Tommy Lee Edwards's sketchy, gritty art carries Mother Panic far in the beginning, giving it a lot of visual pizazz that buffets the story when necessary. Especially, Edwards is a giant factor in making Violet's bulky, overdesigned, super-post-modern-fashion costume work, and indeed the look of the Mother Panic character is really stellar. But the costume's complexity and nuance is a double-edged sword; after the third issue, Edwards departs and Shawn Crystal comes on, with a cartoony style and a tendency toward sexualizing the characters, especially the previously rather formless, genderless Panic, which totally ruins the illusion.

Though I appreciate Crystal's Will Eisner-esque touches to the book's audio effects, overall the book becomes less dark and less immediate at this point. Crystal's arrival coincides with the introduction of Batman villain Ratcatcher to the proceedings, though more slovenly and less fearsome than he's been before, and sequences of Violet's crazed mother talking to the rats. By the end of the book, Violet has unwittingly gathered an offbeat team consisting of her mother, her reluctant doctor Varma and a nurse, Dominic, whom Violet saved from death early on, and Ratcacher, and the final scene of them all together is much too cutesy. Mother Panic barely got going with its troubled loner vibe before the lead gained a family, and that seems far too swift a turn.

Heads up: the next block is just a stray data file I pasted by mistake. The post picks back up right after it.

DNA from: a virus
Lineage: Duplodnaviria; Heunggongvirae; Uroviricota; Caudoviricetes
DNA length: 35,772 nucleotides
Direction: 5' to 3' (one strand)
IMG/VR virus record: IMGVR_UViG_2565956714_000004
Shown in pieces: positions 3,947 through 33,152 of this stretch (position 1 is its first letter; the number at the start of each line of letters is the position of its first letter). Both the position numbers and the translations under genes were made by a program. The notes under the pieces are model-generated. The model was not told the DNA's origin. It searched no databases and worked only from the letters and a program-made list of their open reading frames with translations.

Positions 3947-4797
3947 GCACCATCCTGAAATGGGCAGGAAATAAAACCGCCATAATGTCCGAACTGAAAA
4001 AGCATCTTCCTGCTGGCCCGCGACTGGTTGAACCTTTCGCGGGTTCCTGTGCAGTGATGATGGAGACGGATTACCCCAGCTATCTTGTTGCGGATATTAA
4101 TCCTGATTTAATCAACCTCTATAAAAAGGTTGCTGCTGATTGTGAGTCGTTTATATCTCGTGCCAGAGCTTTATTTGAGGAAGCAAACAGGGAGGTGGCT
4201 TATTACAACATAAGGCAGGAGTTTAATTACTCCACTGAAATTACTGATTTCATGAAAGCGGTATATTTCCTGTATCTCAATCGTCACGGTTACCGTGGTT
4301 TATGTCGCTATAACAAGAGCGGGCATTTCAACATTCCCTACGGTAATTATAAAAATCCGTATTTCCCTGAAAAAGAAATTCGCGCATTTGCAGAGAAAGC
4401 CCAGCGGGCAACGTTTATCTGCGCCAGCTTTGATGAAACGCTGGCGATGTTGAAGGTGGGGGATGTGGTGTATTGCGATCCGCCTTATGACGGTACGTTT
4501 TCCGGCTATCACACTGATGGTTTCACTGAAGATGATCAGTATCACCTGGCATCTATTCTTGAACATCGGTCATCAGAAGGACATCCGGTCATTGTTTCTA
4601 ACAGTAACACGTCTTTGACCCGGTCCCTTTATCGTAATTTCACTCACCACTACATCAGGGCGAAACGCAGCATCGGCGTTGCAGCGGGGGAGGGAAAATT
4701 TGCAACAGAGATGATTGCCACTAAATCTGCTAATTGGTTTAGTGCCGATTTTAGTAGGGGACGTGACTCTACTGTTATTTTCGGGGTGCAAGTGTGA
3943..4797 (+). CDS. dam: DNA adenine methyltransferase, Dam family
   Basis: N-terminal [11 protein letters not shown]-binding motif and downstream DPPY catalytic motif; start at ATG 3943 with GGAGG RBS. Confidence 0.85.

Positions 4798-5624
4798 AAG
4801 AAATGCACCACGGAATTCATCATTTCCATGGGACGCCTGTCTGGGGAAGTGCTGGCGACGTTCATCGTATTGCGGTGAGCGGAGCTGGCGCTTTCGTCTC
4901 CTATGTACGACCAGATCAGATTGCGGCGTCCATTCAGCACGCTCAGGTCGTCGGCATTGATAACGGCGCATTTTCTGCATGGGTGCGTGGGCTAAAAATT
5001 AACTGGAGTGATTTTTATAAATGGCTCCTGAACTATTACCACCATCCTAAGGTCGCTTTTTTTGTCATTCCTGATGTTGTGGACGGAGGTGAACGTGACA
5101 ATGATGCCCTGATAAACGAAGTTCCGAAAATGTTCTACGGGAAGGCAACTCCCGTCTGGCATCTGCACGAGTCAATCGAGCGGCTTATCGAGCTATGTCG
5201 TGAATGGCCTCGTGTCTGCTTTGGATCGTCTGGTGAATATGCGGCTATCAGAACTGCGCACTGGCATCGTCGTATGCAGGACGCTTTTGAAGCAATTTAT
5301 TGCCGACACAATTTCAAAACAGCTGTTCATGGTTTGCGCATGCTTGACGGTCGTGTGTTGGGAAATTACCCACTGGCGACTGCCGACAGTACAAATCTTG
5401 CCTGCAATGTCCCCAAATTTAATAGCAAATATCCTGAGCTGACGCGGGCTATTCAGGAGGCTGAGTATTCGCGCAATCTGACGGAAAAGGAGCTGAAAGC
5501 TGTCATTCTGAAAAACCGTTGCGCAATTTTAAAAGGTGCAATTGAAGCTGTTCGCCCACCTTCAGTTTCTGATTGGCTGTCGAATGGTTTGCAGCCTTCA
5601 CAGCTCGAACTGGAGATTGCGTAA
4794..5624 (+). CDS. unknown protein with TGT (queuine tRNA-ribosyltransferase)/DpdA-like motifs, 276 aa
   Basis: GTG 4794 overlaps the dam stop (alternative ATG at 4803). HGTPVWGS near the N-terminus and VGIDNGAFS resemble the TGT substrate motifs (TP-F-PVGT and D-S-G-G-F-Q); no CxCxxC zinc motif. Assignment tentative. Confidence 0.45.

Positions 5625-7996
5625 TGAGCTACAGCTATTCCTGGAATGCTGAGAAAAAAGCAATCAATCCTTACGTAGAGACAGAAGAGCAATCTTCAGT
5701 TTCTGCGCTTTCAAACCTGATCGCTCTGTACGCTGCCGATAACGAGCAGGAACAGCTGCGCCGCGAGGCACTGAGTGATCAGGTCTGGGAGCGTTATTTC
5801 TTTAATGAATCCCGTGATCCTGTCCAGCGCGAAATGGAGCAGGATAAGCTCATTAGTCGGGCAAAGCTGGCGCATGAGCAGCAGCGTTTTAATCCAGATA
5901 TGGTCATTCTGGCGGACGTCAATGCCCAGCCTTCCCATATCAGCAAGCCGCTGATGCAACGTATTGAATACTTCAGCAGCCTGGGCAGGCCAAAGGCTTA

Work in Progress also collects the initial "Gotham Radio" backup stories by Jim Krueger, Phil Hester, and Ande Parks. In an era where Watchmen looms large in the DC consciousness, "Gotham Radio" launches with three pages of panel grids, and the story's abject darkness, its patriotic Comedian-esque antagonist, and the old-timey setting of a radio station all give off a Watchmen vibe, not to mention Krueger's use of Steve Ditko creation Odd Man. Coming off the troubled end of Mother Panic, "Gotham Radio" is so dark that it feels like too much and the three-page chapters read as choppy. Krueger makes conservative radio host (and possible murderer) Cory Edgars too much of a stereotype, such that the story emerges as a screed rather than a nuanced mystery. I would like to see what happens next here, whether we get a new Odd Man, but the specific layering of Mother Panic and "Gotham Radio" didn't work for me.